The answer may be blowing in the wind, or at least a single blade turbine.
A small Dunedin-based company is providing the answer to a very big problem.
“We want to make wind as accessible as solar for people with the right properties,” Bill Currie, of Powerhouse Wind, says.
He is one of the small team of developers behind the single blade Thinair turbine, believed to be the only manufacturer of turbines in the country
While sun is the most convenient and ubiquitous form of renewable energy, it has a particular problem for countries like New Zealand: winter.
However, a turbine can run all night, operate during a summer’s breeze.
The Thinair also differs from other single-bladed turbines in that it uses two counterweights, giving it numerous advantages and attracting interest in New Zealand and overseas.
Those advantages include noise reduction, reliability, the ability to operate in high winds, and easy to pack and install.
A New Zealand-made turbine, tower, controller, an inverter or batter charger could be yours for under $20,000.
People could use the turbine to power their houses, ideally on lifestyle blocks, and even be able to feed back power into the grid.
“People have the potential to do really nicely out of it,” Currie said.
Currie, who had been off the grid for 18 years, had one of the turbines at his lifestyle block.
“The wind through the trees is more than the noise that the turbine makes.”
The company was founded in 2007, and over the past decade had received funding from the government agency Callaghan Innovation, crowd-funded more than $500,000 via a Pledgeme campaign and had a research partner in the form of Otago Polytechnic.
The tertiary institution also had a Thinair machine installed at its campus, one of 16 sold around the country and overseas, including Australia and the Solomon Islands.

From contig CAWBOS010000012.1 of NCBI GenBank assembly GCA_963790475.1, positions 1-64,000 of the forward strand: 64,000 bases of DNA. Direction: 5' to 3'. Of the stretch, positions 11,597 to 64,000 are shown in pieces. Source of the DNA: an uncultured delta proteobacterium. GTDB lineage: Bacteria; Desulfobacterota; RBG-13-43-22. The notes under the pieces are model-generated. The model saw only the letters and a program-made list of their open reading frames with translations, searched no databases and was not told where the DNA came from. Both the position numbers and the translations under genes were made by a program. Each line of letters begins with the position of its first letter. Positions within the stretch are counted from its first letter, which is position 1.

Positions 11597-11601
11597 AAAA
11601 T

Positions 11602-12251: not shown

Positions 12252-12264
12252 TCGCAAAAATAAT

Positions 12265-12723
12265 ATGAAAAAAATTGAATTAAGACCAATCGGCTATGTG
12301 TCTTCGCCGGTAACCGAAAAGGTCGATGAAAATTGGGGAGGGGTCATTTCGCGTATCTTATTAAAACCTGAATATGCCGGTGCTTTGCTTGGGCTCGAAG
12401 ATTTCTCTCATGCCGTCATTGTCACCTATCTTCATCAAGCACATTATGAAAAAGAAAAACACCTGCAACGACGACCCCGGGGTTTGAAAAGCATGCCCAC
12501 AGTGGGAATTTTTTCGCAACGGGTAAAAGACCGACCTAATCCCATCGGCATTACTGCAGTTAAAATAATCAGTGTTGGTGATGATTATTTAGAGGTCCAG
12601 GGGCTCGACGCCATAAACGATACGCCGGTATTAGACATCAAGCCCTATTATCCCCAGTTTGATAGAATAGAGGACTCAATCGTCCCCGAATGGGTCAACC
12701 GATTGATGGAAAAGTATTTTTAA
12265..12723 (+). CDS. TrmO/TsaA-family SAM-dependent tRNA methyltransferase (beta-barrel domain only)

The turbine in the Solomon Islands, funded by Caritas aid agency and the Ministry of Foreign Affairs and Trade, helped create a remote power station in an isolated village.
Previously the village relied on a diesel generator, running for just three hours a day, but they now had “24 hour power”, Currie said.
“The first night they had the system installed they ran movies all night. A big projector showing action movies.”
While Kiwis were somewhat complacent in having 80 per cent of the country’s power being renewable, coal was still being used to dry milk powder and that didn’t sit well with Currie.
A recent report highlighted that the country needed to almost double its energy output, and apart from larger windfarms and geothermal schemes needed to electrify their homes.
That included solar panels and smaller wind turbines powering not only homes but even vehicles.
But for now the biggest issue for the company was working capital.
“Our ability to fund this business has been our biggest downfall really,” Currie said.
For early next year the company planned to build 10 machines, while learning how to make them in a “more continuous way”.
The Thinair had attracted overseas interest, and the export potential was exciting, he said.
Currie hoped the company would undergo a revolution like its own product, from a development company to sales and marketing.
“We are very confident with how it is operating and we would now like to get it to the point where it is working for people, and making wind a part of their lives.”